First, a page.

After many hours spent looking for an engagement ring you finally  found The One. It's just as it should be. You already chose the material  and the gemstone. You could just hit the 'purchase' button but... you  don't know the ring size. And now what to do? In this article you will  learn what are the methods of measuring a ring size and how to execute  them, and how to achieve it in secret. But firstly, an important  question: on which finger should an engagement ring be worn?

In most countries around the world, US, UK and Canada included, the  ring is worn on the (surprise surprise) ring finger of the left hand.  The ring finger is the fourth one, between the middle finger and pinky.  There are countries where engagements ring are worn also on ring  fingers, but on the right hand, e.g. in Poland. It's noteworthy because  usually fingers of the dominant hand are slightly larger. This being  said, it's just tradition and engagement rings can be worn on whichever  finger you want.

If secrecy is not a problem then by far the best method of  measuring a finger is to go to a local goldsmith who has specialized  tools for that. But that's rarely the case with engagement rings, isn't  it?

If you want the engagement to be a  surprise, the local goldsmith can still be your best option. He can  measure a ring that's actually worn by your future fiancee on the right  finger. For that you'll need to steal that ring - at least for the time  you need to run to the goldsmith and back.

A goldsmith using a ring stick/mandrel to determine the rings size

If you live in a small town and there's no goldsmith nearby, don't  worry. You can still measure the stolen ring size by yourself, using  calipers. If you're not sure how to read the measurement, you can take a  photo of the calipers and send it to the goldsmith that will make the  ring. 

What if there's no goldsmith, no calipers or you couldn't get a  ring? There are other methods. They might be less precise, but if everything else fails they are a pretty good method. With a bit of practice and luck, you can get the size right :)

You  can ask for help. This idea comes from one of my clients who wanted to  buy a ring for her friend. She invited her to get their fingers measured  just for fun. You might ask a friend or relative of your SO to take  your future fiancee shopping and try on rings for fun or pretending to  buy a ring for someone else.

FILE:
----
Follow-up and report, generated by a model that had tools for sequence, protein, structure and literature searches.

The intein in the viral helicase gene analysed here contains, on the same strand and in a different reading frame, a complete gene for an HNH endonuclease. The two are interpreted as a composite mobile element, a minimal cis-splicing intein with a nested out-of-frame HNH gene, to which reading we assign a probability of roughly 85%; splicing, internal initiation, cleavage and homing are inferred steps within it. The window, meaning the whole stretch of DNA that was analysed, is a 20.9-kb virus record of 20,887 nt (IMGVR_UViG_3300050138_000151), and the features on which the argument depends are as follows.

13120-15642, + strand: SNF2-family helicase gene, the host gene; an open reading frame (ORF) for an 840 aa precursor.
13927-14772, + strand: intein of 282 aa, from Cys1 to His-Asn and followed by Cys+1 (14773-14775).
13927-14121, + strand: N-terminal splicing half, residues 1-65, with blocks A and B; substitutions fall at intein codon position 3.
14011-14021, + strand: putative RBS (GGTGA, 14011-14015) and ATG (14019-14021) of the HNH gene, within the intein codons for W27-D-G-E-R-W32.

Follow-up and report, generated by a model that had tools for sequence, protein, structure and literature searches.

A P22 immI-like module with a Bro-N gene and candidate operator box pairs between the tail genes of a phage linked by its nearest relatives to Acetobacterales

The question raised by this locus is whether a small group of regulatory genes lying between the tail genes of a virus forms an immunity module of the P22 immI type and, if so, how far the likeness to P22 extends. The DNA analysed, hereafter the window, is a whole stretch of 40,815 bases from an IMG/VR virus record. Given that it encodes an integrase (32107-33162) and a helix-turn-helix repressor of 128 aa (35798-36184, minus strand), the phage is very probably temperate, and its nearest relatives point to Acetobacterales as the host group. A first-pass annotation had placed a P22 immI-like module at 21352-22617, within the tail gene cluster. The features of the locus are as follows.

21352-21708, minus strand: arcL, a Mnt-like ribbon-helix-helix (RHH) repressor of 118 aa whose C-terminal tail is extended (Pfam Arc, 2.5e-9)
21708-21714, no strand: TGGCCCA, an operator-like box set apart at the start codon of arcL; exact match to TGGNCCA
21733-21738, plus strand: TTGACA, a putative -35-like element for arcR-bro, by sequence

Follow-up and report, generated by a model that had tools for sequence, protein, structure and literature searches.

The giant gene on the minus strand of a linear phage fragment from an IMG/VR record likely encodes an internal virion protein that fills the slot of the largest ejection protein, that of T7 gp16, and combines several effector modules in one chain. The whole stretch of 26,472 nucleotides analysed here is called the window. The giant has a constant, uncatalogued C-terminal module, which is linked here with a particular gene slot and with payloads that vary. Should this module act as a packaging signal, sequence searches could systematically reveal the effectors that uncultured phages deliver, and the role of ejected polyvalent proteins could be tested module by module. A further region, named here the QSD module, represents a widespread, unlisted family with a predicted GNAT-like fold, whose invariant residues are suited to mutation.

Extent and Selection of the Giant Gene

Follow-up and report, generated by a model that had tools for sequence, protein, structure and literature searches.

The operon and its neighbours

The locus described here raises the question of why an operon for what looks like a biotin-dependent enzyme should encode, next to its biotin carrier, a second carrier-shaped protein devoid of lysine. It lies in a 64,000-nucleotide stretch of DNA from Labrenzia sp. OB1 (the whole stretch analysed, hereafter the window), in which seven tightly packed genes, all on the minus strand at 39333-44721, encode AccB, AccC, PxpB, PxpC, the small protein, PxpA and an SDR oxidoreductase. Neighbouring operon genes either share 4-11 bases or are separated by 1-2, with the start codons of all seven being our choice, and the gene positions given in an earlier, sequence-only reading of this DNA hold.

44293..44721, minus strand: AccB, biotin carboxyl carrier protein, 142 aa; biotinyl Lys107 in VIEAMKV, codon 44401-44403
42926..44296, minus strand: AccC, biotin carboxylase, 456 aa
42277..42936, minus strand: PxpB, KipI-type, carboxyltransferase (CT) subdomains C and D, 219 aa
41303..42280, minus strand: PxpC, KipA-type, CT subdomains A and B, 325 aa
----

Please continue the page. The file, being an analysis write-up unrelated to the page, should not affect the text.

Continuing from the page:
The last method will require some dexterity from you. You can  measure the ring size during night, when your love is asleep. Cut out a strip of paper and wrap it around the right finger and mark the overlap with a pen. And have a  story prepared to explain what are you doing in case your love wakes up during the procedure :) The length you marked off will be the inside  circumference of the ring and can be measured with a ruler.

Cut a piece of paper 3-5 mm wide and ca. 10 cm long. Wrap it around the  right finger, not too tightly - don't use any force. Check also around  the knuckles, some people have thin fingers but big knuckles and that  has to be taken in consideration when choosing a ring size.  On the photos the ends of the paper strip are not perfectly on top of  one another to show where they overlap. When measuring make sure they  overlap the best they can to resemble a paper band. Then mark the place  where they overlap with a pen.

You  can also use ready made ring gauge sets, which are very precise - but  if you're caught using them, you're gonna have a hard time making it  sound like you don't plan to propose in the near future :)

Is there anything more to know? 

After the wedding engagement rings are often worn next to the wedding  band or on the other hand or just worn occasionally. The first option is  great if the two rings fit to each other - you can find such matching  wedding bands to our chevron engagement rings in our shop. 

When choosing wedding bands it's best to have your rings measured at a  goldsmith. There are two types of ring gauges, wide and thin. Thin ones  are great for rings, while wide ones (on photo) are better for wedding  bands. 

What about different ring scales? What ring scale should I use? 

Many countries use different ring scales. The most popular ones ar the  US scale (e.g. US 7 1/2), UK scale (e.g. P) and German/Swiss (eg. either  54 or 14) which is used in most European countries. If you're not sure  which is used in your country and you'd like to order abroad, it's best  to use inner circumference which is recognized worldwide. You can also  use a conversion chart, like the one below:

What if I choose a wrong size?

If you order in my shop  then worry not. I resize my rings for free, the only cost is shipping.  I did it numerous times as those mistakes are quite common and the  difference between the real ring size and the ordered one can be quite  spectacular. So don't worry :) Making a ring bigger is usually not a big  deal, while sizing down will require using high temperatures which some  gemstones are sensitive to. In that case, a gemstone must be first  taken out of the ring and set again after the size is right. It's all  doable :)

If you have anymore questions or are unsure about anything, please write me a message - I'll be happy to help.